Blue Jays starter Marcus Stroman last season lugged around a career-worse ERA of 5.54 and was limited to just 19 starts because of blister problems and shoulder fatigue. Jump forward to 2019, and Stroman, now in his age-28 campaign, is back to vintage form: 

Marcus Stroman
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Stroman's coming off a a quality start against the Angels on Tuesday night, and now his ERA+ for the season stands at an impressive 135. In not unrelated matters, Stroman's also enjoyed a bit of a velocity rebound in 2019. His resurgence in tandem with the Blue Jays' ongoing rebuild mean the (comparatively) diminutive right-hander is likely going to be a hot name leading up to the July 31 trade deadline. 

Teams of course look beyond the current season when it comes to trade targets, and Stroman offers an impressive dossier. He boasts a career ERA+ of 111 and an FIP (or fielding-independent pitching -- i.e., what a pitcher's ERA would probably look like with league-average defensive support and neutral luck) that's never been worse than 3.91 in any single season. Stroman's also been free of major arm problems, and he's twice topped 200 innings in a season (he's on pace to do so once again in 2019).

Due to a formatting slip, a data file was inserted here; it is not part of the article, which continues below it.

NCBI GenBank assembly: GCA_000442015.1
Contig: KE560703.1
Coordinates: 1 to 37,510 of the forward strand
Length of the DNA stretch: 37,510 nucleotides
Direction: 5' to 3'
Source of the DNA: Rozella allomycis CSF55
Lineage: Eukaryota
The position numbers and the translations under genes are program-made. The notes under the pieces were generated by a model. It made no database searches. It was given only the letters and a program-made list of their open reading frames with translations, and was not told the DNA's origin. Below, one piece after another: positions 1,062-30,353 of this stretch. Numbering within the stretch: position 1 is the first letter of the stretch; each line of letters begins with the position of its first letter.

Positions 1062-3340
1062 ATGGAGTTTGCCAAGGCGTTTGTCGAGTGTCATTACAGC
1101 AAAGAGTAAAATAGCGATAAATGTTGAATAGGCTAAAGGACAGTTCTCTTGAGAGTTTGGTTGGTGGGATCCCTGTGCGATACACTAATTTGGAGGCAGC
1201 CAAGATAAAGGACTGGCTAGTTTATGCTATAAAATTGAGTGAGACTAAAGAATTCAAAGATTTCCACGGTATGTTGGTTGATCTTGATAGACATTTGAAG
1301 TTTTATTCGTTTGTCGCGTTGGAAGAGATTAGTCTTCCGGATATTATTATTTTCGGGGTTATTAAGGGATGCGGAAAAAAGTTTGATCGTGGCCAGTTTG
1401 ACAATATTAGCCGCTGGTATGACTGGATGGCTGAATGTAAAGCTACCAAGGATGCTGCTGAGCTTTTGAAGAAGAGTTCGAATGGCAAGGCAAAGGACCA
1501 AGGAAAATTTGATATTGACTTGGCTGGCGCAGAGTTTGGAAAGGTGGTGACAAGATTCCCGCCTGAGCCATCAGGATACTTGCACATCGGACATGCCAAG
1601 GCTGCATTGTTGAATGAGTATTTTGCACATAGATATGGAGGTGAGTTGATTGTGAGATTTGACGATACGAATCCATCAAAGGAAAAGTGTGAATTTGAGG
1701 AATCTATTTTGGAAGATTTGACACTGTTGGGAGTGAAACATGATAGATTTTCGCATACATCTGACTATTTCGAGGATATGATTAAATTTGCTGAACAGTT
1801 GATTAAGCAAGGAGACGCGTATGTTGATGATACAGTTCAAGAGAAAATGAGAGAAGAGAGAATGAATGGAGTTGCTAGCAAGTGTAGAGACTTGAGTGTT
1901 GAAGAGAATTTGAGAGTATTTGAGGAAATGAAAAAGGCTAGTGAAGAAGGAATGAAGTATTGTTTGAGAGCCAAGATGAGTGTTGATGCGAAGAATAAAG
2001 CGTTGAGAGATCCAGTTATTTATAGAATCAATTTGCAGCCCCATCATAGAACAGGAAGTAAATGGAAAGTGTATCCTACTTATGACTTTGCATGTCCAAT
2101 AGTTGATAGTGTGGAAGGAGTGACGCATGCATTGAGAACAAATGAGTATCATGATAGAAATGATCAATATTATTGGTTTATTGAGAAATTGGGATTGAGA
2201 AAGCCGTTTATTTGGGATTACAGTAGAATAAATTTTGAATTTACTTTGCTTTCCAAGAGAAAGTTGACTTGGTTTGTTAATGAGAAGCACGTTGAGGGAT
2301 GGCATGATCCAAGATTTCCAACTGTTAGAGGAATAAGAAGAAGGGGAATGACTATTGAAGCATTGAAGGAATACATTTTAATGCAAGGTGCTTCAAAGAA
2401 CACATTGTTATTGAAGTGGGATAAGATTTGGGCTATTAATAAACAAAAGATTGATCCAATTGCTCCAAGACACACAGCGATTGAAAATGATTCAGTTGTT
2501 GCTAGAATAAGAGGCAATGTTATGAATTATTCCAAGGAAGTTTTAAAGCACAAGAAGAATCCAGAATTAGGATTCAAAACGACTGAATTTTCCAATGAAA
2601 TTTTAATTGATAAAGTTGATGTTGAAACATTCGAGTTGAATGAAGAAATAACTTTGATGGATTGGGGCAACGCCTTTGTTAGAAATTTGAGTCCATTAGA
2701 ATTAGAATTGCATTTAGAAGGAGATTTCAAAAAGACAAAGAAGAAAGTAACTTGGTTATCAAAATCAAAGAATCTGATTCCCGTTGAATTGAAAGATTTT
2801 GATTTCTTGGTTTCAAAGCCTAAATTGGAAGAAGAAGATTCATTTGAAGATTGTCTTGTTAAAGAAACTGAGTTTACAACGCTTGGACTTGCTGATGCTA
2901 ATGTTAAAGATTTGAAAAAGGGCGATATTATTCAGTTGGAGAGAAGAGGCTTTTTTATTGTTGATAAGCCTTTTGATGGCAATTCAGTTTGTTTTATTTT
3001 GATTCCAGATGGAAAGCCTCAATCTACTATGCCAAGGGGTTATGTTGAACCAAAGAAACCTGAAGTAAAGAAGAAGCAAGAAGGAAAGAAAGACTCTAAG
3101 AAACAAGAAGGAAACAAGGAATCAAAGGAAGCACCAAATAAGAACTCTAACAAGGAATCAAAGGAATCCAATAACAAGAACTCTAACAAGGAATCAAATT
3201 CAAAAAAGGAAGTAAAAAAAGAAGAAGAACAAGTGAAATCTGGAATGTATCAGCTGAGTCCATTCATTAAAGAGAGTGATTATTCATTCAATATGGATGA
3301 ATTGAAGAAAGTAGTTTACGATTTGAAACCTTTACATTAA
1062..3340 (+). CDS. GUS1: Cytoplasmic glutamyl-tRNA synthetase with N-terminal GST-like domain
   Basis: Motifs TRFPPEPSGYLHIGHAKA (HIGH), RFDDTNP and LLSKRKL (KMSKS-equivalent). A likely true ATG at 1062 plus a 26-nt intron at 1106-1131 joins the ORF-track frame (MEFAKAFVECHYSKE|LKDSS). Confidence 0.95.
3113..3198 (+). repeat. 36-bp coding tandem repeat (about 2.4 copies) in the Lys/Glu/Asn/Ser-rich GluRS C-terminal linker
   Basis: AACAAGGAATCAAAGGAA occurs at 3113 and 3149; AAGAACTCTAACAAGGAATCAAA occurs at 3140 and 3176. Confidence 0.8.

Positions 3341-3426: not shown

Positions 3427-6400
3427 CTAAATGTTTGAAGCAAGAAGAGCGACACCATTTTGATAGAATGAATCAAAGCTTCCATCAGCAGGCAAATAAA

Here's how the SportsLine Projection Model (@SportsLine on Twitter) sees Stroman faring over the remainder of the 2019 regular season: 17 starts, 91 1/3 innings, 4.14 ERA, 73 SO, 32 BB.

To put that in context, the average AL starting pitcher this season has an ERA of 4.53, so SportsLine expects Stroman to be significantly better than that while answering the bell every time. Of course, given that Stroman has a career ERA of 3.83 in the DH league and is at an age that lends itself to prime performance, it's entirely possible he'll be best that forecast. 

Beyond that, Stroman this season is owed the balance of an exceedingly modest $7.4 million salary, and he's not eligible for free agency until after the 2020 season. That additional year of control will greatly add to his appeal on the market and, by extension, significantly raise the Jays' asking price. 

Stroman's also a deep-repertoire sort. He leans on his sinker-slider-cutter trio, but he also works in a four-seamer and changeup. Having the ability to throw that many pitches at the highest level increases the chances that Stroman's abundant pitch mix would benefit from a new set of coaching eyes. On another level, he's a demonstrative and intensely competitive sort whose mere presence could energize a contender. As always, those teams are spoiling for rotation help. 

Speaking of rotation help, contenders interested in the likes of Stroman may include the Yankees, Rays, Cardinals, Rangers, Red Sox, Braves, Phillies, and Brewers. Given the other starters that might hit the market, the Jays would be wise to help their position by being willing to trade Stroman within the AL East. Given Stroman's performance baseline and the fact that he'll under team control for 2020, they should be able to find an eager taker and add to their collection of young talent in return. Stroman, meantime, will get to pitch for a relevant team for the first time since 2016.